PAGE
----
05 June, 2024

5 tested and tried steps to quit smoking

Quitting smoking is not a one-size-fits-all process, but combining these tested methods can significantly enhance your chances of success. It’s important to stay motivated and not get discouraged by setbacks. Each step towards quitting is a step towards a healthier and longer life. Here are 5 measures to help you stop the habit for good.

5 tested and tried steps to quit smoking

Quitting smoking is a massive effort, but it is a necessary step toward a better lifestyle. The route to becoming smoke-free is unique to each individual, but there are tried-and-true strategies that can dramatically boost your chances of success. Here are 5 measures to help you stop the habit for good.

Dr Amitesh Anand, Surgical Oncologist, Ranchi Cancer Hospital & Research Centre (RCHRC) said, “Smoking can take a great toll on people’s health and lives. Tobacco usage can cause several types of cancer, including lung, oral, and many others, in addition to conditions such as heart diseases. As an oncologist, I have observed that tobacco is preeminent in causing this current cancer epidemic. Curbing smoking is a vital step for public health. It’s important to help people break the habit – while the process can be challenging and overwhelming, lending them support can help empower them as they take a step towards a healthier life.”

What are your triggers?

Identifying what makes you want to smoke is the first step towards quitting. Triggers can be emotional, such as stress or anxiety, or situational, like having a cup of coffee or socializing with friends who smoke. Recognising these triggers can help you develop strategies to avoid them or cope with them in healthier ways. According to a study published in the journal Addiction, understanding personal triggers and planning strategies to avoid them can double the chances of successfully quitting smoking.

5 tested and tried steps to quit smoking

Go digital

There are numerous mobile apps and online platforms designed to support smoking cessation. These tools offer features like tracking your progress, setting quit dates, providing motivational messages, and connecting you with support communities. A review published in the Journal of Medical Internet Research found that digital interventions, including mobile apps and online support, can significantly enhance the likelihood of quitting by providing real-time support and resources.

The reward mechanism

Who dosen’t love to be rewarded for the hard works they do? Rewards can be a powerful motivator. Some people add financial incentives to encourage not smoking. These can include cash rewards, your favourite things, or other financial benefits for remaining smoke-free. A study in the New England Journal of Medicine demonstrated that financial incentives substantially increase the rates of not smoking among employees. Participants who received monetary rewards were more likely to quit and remain abstinent compared to those who did not receive financial incentives.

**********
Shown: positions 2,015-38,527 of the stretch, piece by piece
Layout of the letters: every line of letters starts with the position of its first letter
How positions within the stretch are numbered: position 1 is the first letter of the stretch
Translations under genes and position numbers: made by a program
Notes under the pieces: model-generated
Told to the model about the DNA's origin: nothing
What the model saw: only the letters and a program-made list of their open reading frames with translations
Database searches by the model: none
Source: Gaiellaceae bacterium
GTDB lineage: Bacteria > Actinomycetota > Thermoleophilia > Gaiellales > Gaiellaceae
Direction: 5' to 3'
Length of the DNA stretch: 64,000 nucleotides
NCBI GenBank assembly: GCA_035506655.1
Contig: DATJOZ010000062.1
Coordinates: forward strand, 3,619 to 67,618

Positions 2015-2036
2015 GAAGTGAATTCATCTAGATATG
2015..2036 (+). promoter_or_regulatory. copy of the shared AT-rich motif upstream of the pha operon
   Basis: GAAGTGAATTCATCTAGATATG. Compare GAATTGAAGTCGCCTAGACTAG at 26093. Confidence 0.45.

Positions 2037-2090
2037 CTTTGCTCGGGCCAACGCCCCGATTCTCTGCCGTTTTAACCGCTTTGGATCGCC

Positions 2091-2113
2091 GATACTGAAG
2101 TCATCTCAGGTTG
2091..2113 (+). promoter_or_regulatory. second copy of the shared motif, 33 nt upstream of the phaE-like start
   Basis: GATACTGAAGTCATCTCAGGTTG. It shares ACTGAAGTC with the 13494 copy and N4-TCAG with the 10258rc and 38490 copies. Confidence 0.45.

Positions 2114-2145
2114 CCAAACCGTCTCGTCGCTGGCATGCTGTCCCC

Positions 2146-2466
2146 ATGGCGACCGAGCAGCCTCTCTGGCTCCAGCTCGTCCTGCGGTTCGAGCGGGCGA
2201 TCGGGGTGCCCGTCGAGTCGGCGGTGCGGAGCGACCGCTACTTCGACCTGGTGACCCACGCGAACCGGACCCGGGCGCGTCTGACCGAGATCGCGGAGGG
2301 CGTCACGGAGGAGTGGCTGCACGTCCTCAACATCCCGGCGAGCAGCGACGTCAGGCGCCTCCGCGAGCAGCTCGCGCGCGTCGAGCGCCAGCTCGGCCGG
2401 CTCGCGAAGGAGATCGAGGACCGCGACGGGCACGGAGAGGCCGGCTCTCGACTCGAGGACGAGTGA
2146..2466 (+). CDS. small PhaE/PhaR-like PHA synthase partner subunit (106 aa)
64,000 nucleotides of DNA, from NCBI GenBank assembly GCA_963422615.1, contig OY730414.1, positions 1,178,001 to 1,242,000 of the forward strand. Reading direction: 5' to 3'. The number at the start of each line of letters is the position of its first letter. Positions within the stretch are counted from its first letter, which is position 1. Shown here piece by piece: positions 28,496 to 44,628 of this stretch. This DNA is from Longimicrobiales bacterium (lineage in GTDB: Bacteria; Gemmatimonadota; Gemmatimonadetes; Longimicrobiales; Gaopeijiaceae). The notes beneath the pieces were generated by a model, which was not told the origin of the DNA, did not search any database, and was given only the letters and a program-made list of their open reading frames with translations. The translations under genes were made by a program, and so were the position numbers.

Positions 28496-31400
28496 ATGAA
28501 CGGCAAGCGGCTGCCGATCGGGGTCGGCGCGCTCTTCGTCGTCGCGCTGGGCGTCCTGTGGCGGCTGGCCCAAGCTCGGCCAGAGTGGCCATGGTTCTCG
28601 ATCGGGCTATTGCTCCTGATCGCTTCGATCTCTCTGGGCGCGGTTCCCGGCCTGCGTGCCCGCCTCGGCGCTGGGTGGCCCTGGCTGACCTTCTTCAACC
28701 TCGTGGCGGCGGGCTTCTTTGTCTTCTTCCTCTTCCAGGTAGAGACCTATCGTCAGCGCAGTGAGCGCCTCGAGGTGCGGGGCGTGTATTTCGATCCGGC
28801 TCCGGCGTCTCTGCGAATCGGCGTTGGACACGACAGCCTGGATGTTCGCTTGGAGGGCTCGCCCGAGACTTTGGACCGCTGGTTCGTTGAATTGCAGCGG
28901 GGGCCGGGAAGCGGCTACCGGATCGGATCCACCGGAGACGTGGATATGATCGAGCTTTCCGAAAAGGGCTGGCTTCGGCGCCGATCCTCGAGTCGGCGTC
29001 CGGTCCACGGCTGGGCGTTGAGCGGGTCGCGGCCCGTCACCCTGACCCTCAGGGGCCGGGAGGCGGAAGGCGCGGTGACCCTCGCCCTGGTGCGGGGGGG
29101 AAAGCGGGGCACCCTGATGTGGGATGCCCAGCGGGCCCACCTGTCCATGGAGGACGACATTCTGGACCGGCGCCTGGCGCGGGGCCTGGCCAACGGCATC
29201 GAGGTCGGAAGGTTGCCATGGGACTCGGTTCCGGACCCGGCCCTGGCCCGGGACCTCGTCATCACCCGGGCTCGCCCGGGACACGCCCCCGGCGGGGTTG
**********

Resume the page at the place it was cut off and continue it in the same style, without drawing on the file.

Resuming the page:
Exercising for the better

Doing regular physical activity can help reduce cravings and withdrawal symptoms. Exercise promotes the release of endorphins, which can improve mood and reduce stress—common triggers for smoking. Research published in the British Journal of Pharmacology showed that exercise can decrease the urge to smoke and withdrawal symptoms by providing a healthy distraction and boosting mood. Even short bursts of physical activity, such as a walk, can be beneficial.

Changes in your diet

Certain foods and drinks can make cigarettes taste less appealing. For instance, dairy products and certain fruits and vegetables can alter the taste of tobacco, making smoking less enjoyable. Adding these foods into your diet might help curb your smoking habits. A study in Nicotine & Tobacco Research found that smokers who consumed more fruits and vegetables were three times more likely to be abstinent for at least 30 days compared to those who consumed fewer fruits and vegetables.

What are some alternative methods?

For some, traditional methods may not work, and alternative approaches can provide the needed edge. Acupuncture or meditation have shown promise in helping people quit smoking.

Acupuncture, an ancient Chinese medicine technique involves inserting thin needles into specific points on the body. A study published in the American Journal of Medicine found that acupuncture might be helpful in reducing smoking rates. Doing meditation can help increase awareness of the present moment and reduce stress, which can be a significant trigger for smoking.

This article was first published on 5 June, 2024 in The Times of India

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